Part of what makes this discussion so difficult is that terrorism has yet to be clearly defined—but it’s safe to say that at its core, terrorism is about targeting noncombatants with violence or the threat of violence in order to achieve a political objective. No amount of teasing would justify the crimes Hasan allegedly committed. But if Hasan was taking out his personal anger, fear and anxiety by going on a rampage instead of attempting to achieve a political objective, then Hasan may be more Dylan Klebold and Eric Harris than Abd al-Rahim al-Nashiri.
As the investigation moves forward, however, there may be no clear line with which to distinguish Hasan’s personal motivations from his religious or political views. In a sense, the argument over whether or not Hasan’s actions were terrorism has become a proxy argument about whether Islam in general, and Muslims by implications, are in a larger sense responsible for Hasan’s alleged crimes. In the wake of the shooting, several right-wing figures, including Michelle Malkin, Allen West and Fox News host Brian Kilmeade, seized on the shootings to impugn the service of the thousands of American Muslims in the armed forces—as though American Muslims should be held collectively responsible for the murders Hasan allegedly committed. Then there’s Sen. Joe Lieberman, I-Conn., who on Sunday said that “there are very, very strong warning signs here that Dr. Hasan had become an Islamist extremist and therefore that this was a terrorist act.”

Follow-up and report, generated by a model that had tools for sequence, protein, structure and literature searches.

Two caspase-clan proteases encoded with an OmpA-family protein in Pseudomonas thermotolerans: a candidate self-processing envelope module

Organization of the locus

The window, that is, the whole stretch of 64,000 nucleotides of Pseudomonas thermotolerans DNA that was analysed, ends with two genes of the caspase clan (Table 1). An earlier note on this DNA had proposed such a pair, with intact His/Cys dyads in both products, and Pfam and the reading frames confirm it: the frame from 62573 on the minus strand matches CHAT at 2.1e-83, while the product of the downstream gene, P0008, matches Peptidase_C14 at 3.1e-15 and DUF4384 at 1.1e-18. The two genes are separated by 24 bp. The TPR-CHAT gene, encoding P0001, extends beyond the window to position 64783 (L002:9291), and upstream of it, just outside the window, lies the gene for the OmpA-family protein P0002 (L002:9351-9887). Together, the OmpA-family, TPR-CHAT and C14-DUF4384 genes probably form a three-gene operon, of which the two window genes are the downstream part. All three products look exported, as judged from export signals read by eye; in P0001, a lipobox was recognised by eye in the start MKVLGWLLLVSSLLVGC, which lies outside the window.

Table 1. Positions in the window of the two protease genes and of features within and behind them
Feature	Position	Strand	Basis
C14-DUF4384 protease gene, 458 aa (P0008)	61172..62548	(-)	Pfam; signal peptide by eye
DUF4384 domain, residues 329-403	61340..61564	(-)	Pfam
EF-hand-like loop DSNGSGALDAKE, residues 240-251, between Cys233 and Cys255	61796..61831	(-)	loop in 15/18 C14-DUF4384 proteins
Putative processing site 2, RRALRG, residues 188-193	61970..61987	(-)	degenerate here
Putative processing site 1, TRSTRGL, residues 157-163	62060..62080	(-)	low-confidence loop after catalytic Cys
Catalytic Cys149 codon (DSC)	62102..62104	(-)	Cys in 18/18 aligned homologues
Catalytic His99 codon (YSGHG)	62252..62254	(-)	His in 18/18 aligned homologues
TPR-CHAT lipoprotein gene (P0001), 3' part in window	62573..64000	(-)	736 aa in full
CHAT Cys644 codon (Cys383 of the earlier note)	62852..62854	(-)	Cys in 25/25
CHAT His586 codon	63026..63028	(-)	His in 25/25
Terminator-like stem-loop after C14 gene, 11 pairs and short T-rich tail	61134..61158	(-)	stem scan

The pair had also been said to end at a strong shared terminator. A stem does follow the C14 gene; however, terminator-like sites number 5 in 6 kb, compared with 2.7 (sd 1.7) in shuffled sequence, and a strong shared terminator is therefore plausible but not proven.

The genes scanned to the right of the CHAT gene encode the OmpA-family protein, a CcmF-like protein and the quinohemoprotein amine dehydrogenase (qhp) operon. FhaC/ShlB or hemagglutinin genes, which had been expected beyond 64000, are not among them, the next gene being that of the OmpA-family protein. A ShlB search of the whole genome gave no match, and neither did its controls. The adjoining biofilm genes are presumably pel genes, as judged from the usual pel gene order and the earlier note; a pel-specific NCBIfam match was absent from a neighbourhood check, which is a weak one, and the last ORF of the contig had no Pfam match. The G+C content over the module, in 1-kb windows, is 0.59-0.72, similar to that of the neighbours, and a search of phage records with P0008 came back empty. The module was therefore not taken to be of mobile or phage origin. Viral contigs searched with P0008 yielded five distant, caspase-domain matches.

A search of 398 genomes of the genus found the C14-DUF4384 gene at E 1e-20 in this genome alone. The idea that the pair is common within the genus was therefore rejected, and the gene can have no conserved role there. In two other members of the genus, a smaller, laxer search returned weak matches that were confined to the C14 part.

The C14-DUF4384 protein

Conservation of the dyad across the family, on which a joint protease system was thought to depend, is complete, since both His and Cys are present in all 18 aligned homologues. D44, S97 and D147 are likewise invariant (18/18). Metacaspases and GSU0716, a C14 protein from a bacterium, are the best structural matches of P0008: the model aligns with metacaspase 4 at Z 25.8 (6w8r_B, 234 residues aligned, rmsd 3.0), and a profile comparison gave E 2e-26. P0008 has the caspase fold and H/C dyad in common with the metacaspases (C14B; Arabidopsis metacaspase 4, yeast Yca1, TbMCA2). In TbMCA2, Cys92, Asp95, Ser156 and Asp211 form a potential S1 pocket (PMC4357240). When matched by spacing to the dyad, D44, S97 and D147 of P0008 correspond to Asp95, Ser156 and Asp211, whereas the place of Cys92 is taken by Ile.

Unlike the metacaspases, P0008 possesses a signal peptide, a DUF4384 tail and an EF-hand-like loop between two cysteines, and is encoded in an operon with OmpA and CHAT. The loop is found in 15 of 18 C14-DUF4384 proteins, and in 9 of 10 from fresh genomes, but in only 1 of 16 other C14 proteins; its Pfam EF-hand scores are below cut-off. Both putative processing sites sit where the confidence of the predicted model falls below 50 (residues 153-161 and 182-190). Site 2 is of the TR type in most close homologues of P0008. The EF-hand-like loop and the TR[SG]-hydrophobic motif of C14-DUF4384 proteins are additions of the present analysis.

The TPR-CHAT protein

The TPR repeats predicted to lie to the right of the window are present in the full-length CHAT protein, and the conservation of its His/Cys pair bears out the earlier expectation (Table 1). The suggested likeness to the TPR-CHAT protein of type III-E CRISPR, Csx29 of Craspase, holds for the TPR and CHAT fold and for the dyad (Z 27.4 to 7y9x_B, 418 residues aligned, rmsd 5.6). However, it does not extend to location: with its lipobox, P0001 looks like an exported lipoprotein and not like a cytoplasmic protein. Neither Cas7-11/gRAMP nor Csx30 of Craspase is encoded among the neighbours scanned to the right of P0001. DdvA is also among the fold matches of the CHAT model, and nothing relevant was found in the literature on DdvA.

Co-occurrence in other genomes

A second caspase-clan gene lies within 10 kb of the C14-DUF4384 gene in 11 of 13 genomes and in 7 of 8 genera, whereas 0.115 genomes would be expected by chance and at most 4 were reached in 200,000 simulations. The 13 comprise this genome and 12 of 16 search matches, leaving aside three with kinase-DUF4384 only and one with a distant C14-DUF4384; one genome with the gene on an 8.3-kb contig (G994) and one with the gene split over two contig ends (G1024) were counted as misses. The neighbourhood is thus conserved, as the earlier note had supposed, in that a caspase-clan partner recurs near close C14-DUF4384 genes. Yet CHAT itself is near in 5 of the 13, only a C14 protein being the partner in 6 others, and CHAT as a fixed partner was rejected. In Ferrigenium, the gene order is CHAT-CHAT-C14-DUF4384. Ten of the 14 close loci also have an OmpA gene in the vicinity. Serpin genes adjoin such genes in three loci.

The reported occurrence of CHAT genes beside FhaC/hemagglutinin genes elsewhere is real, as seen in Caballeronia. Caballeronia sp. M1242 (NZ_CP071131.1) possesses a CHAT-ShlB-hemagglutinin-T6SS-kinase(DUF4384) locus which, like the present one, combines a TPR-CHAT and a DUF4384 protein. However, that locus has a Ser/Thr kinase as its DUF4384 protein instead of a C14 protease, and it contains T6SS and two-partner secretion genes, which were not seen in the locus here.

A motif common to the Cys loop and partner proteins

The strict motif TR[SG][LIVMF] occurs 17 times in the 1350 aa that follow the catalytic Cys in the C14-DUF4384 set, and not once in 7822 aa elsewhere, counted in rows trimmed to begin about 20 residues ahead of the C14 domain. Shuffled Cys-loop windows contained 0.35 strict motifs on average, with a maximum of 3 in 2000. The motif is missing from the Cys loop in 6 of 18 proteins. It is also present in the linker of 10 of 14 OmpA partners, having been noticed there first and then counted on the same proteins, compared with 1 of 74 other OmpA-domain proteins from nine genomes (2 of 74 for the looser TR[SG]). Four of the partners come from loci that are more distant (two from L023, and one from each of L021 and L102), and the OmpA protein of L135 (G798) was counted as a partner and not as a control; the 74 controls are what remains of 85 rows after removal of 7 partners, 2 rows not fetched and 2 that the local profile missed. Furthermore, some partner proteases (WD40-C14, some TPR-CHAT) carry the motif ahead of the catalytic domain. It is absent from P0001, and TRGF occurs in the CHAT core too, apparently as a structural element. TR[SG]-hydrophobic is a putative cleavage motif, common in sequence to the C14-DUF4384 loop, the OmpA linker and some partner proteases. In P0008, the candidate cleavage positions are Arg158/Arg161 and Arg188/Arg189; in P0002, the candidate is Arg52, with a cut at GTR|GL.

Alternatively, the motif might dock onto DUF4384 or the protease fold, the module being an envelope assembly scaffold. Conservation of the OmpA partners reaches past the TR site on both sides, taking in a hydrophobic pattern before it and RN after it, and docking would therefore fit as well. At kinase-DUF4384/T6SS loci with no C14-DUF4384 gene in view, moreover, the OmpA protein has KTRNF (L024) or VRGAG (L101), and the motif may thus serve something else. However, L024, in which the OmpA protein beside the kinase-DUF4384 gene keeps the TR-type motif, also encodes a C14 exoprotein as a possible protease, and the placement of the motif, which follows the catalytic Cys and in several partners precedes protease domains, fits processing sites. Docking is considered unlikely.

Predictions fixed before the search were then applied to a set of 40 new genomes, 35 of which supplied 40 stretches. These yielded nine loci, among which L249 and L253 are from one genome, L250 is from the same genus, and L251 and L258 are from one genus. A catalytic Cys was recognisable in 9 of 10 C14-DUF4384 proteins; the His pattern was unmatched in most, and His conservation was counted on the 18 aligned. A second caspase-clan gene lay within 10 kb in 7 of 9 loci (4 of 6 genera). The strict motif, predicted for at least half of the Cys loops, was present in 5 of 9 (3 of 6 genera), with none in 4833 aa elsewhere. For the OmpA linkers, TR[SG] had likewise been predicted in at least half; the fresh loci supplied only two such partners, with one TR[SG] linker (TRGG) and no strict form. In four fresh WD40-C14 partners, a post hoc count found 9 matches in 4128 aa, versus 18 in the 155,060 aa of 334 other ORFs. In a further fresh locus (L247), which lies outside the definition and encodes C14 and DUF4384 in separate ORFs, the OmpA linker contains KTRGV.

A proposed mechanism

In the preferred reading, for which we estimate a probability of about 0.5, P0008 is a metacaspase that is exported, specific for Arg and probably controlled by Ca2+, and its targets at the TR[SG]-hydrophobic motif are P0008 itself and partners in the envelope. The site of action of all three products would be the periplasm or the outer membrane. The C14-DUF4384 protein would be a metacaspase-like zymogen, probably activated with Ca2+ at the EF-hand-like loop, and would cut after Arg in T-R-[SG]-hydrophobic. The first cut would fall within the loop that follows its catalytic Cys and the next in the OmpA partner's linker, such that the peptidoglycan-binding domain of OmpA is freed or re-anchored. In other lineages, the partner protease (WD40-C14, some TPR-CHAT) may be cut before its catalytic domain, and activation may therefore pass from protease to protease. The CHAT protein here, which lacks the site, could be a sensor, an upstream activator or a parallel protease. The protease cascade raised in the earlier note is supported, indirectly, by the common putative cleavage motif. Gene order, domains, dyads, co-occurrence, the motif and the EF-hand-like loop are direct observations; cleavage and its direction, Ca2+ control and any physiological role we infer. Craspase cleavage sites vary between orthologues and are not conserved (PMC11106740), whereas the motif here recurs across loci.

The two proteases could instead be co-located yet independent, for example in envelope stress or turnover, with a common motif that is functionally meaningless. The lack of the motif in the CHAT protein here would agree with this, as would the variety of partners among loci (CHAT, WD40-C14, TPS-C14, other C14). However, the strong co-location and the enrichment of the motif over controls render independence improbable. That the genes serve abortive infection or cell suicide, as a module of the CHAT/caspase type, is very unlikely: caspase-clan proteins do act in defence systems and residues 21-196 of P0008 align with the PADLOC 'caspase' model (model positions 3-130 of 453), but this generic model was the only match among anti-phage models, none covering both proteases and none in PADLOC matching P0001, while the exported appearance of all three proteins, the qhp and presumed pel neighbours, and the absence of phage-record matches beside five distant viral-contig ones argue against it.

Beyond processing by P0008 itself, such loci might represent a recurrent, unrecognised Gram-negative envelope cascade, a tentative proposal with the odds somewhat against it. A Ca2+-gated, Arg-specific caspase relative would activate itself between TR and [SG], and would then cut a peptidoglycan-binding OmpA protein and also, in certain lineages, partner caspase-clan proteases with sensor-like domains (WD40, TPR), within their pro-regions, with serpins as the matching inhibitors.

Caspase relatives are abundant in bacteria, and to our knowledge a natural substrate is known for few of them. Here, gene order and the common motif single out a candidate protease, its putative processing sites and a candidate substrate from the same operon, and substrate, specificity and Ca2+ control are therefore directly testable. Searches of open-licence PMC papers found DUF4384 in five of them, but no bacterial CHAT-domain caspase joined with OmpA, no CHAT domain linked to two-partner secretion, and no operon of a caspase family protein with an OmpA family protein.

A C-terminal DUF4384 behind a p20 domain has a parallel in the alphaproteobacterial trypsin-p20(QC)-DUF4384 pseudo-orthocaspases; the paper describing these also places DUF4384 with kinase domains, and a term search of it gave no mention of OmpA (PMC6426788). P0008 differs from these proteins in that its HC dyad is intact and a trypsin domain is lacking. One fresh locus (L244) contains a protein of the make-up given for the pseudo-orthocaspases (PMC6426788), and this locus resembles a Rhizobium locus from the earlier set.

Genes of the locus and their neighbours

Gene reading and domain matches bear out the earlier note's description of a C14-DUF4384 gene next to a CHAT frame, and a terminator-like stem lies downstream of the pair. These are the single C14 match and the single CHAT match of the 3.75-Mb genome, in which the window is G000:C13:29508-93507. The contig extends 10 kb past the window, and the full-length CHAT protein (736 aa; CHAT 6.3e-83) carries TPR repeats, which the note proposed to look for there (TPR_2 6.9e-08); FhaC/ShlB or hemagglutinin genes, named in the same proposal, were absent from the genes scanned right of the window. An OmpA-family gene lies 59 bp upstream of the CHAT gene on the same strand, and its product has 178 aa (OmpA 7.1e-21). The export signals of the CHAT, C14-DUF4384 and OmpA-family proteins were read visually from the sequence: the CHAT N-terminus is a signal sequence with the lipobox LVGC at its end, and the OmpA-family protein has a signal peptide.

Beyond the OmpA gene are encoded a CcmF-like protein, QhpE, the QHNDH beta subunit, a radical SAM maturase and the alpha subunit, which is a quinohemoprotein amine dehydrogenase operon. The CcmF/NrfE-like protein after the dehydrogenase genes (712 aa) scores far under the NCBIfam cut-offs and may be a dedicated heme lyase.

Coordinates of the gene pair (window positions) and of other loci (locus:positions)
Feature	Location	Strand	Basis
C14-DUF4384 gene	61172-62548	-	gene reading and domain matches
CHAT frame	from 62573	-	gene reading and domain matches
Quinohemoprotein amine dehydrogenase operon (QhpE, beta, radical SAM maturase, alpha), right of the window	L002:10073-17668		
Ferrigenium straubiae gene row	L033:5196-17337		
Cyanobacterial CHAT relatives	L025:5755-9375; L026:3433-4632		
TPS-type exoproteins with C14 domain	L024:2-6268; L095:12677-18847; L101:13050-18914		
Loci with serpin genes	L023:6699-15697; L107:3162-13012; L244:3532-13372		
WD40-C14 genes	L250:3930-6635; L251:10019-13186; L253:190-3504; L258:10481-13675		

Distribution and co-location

The Ft. Hood shootings may be an act of religious terrorism—or radical Islam may have played the same role in Hasan’s mind as South Korean revenge films did in the mind of Seung-Hui Cho. But even if it turns out that Hasan was a true believer, a hardened terrorist and not simply a disturbed individual who went on a rampage—his crimes will be his own.
Adam Serwer is a writing fellow at The American Prospect. Follow him on Twitter.